empty Slice of Life

Hunger At My Door

I don’t recall exactly how old I was when “the man in the car” showed up on our street, but I was...

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Before my son got married, every member of my immediate family had been born between October (several in just this month alone) and December.  With the addition of my daughter-in-law and grandson, we spread out a bit more - but not much.  So, birthday season is in full swing, with my oven working overtime to produce a steady stream of birthday cakes.  Despite the fact that everyone expects to be presented with these cakes on the Shabbos before their birthday, I continue to bake and then hide them until we bring them out.  The recipient cooperatively goes along with the show and acts surprised.  It’s part of the family tradition.  During this period, I think back to the time surrounding each of my children’s births and remember every last detail as if it were yesterday (which incidentally it was).

 We have a friend who absolutely loves visiting Israel.  I mean loves! He can’t get enough of it.  He marvels as he walks around and cries out, “Everything here is Jewish!!  The air is Jewish air!  The food is Jewish food! The national holidays are Jewish holidays! The doctors are Jewish doctors!  The hospitals are Jewish hospitals!  The grass is Jewish grass!  The stones are Jewish stones! It’s amazing!”  It truly is amazing.  Even the policemen are Jewish policemen. This phenomenon lends itself to the most interesting exchanges. 

I am very happy to say that my son finally made it home from the army last week.  It was really touch and go for a while due to quarantine and a host of other issues, and my son told me not to expect him home until this week.  But truthfully, he thought he would get home last week and was hoping to surprise me. But nothing is predictable in the army.  You never know what will happen for certain until it actually happens.

My family loves the north.  We appreciate the greenery, the waterfalls, and the cooler temperatures.  We’ve taken countless family vacations to the Golan during all seasons of the year.  When we are looking for a change, we head to the Galil, also up north.  Rarely do we venture down south, but this week my husband and I had reason to travel there, and we thoroughly enjoyed taking in the new sights.

Weather is a funny thing in Israel.  On September 1, the summer is “over.” At the end of Simchas Torah, people heartily wish each other a good winter.  The chagim have passed.  School has begun (usually). Winter is here.  Supposedly.  But I don’t know - it hasn’t felt much like winter to me, with the scorching sun and above-80-degree weather we’ve had these past few weeks.  After reciting tefilat geshem, we usually get a drop of drizzle here or there, just to let us know that our tefilot were heard.  But despite the advertisements for sweaters and warm coats now being sold, there’s not much reminiscent of winter in these parts. I always wonder who exactly is buying those coats when many are still walking around in shorts and flip flops, and people are still heading to the beach.  I would say that just looking at those ads for warm clothes is enough to make me sweat, but I’m usually sweating way before I even see the ads.  We are still using our air conditioning at home and we are not yet able keep up with our family’s demand for ice (no, we don’t have an automatic ice-maker in the door of our fridge).  Last week we started to say “V’ten tal u’matar.”  “Winter is now upon us,” people say in earnest.  Personally, I wouldn’t call it winter exactly, but it seems we may be beginning to ever so slowly turn the corner.  The days are still warm, but not brutal.  Towards evening, something that almost resembles a chill can be felt in the air, and sightings of people wearing sweaters is a distinct possibility. But winter? Not the term that comes to mind.  But then the other night came the rain! Real heavy rain! Cats and dogs. Complete with thunder and lightning - the kind that wakes you up in the middle of the night with a bang.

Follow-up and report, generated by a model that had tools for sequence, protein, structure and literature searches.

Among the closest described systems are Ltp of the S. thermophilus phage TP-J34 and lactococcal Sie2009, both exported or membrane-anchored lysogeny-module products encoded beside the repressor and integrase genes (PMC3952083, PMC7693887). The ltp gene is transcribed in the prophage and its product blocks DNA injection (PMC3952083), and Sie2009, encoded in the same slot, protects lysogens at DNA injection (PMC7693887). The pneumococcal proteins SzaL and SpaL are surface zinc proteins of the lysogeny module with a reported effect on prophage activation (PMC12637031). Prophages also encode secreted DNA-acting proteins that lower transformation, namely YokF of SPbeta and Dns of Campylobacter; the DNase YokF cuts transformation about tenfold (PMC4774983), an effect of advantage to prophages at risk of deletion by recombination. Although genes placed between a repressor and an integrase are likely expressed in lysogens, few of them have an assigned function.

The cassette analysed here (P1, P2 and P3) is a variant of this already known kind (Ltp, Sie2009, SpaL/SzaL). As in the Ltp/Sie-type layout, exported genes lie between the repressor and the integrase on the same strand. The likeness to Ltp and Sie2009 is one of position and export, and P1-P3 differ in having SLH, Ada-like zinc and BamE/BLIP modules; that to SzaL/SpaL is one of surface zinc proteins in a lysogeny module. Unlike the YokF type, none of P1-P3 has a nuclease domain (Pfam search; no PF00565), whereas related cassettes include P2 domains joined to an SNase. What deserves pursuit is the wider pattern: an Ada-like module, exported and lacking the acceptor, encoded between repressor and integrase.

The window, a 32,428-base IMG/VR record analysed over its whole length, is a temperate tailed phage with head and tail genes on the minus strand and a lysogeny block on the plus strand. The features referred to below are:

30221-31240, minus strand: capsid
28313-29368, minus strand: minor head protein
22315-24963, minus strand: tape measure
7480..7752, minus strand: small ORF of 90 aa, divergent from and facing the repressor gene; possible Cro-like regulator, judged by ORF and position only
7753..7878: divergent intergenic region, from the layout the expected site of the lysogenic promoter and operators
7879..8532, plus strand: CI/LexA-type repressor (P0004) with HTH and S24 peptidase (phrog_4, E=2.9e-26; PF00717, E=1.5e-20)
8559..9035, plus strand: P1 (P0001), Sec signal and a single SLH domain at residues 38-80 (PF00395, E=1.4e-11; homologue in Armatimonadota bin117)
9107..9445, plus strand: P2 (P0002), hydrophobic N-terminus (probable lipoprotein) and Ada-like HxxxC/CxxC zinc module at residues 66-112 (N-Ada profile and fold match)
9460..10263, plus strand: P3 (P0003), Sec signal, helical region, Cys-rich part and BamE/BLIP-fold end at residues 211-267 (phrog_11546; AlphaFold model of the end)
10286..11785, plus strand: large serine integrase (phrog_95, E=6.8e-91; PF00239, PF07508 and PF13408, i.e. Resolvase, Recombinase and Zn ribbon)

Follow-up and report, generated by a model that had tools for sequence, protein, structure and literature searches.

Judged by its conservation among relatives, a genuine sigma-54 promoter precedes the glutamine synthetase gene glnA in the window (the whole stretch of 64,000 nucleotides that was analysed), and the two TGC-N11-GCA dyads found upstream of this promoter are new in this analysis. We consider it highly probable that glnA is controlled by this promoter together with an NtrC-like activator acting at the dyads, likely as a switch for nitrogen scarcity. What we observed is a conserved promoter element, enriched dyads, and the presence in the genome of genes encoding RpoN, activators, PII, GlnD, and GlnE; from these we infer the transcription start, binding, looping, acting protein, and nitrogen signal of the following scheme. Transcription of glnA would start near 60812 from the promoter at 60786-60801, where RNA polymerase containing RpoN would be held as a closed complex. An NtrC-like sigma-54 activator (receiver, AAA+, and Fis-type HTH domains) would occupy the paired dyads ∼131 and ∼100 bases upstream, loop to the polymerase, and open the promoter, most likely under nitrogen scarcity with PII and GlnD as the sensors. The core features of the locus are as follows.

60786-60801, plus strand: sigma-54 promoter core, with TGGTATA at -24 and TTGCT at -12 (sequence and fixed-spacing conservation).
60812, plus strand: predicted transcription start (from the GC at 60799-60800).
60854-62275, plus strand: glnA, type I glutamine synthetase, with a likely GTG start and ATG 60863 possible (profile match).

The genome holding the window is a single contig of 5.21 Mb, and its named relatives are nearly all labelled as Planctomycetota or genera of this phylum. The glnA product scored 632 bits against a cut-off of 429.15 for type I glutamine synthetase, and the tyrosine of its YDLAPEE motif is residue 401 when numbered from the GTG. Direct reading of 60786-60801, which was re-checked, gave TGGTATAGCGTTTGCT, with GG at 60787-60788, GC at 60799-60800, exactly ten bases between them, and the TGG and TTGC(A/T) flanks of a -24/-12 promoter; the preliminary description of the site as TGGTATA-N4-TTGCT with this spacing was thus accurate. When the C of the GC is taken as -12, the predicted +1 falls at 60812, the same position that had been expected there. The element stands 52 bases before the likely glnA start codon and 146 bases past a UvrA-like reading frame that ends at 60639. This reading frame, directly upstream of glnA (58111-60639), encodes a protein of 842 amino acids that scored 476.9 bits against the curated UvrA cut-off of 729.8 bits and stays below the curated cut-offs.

Between lockdown, quarantine, and just plain corona, I have been spending an inordinate amount of time at home. I’m not complaining - I love my home. Also, the people in it.  But sometimes I get the feeling that I’m not just quarantined at home - I’m actually quarantined in my kitchen.  For years, my family has been saying that no matter what time Shabbos starts, no matter who is coming for Shabbos, I am glued to my kitchen on Friday.  But it’s not true!  I usually take a few laundry breaks outside of the kitchen.  Does that not count?  I also always aim to have a relaxing cup of coffee before Shabbos.  And even if I do that in my kitchen, I think it should count as an activity outside my kitchen.  But I typically run out of time before Shabbos and the coffee just doesn’t happen. If we go away for Shabbos and I’m off from cooking, my family members ask me what I will do with myself on Friday, as though I don’t have the capability of engaging in activities outside the kitchen. They say this as though it’s an oddity. But I’m wondering where else should I be?  Am I missing out on something of great importance?  I don’t know.  But I definitely spend a lot of time in my kitchen, and not just on Fridays.  And especially now, with several family members quarantining at home, I am beginning to wonder if life actually does exist outside my kitchen.  Besides the general food preparation in quantities of which I am no longer used to cooking, there are also other reasons I don’t seem to manage to get out that much.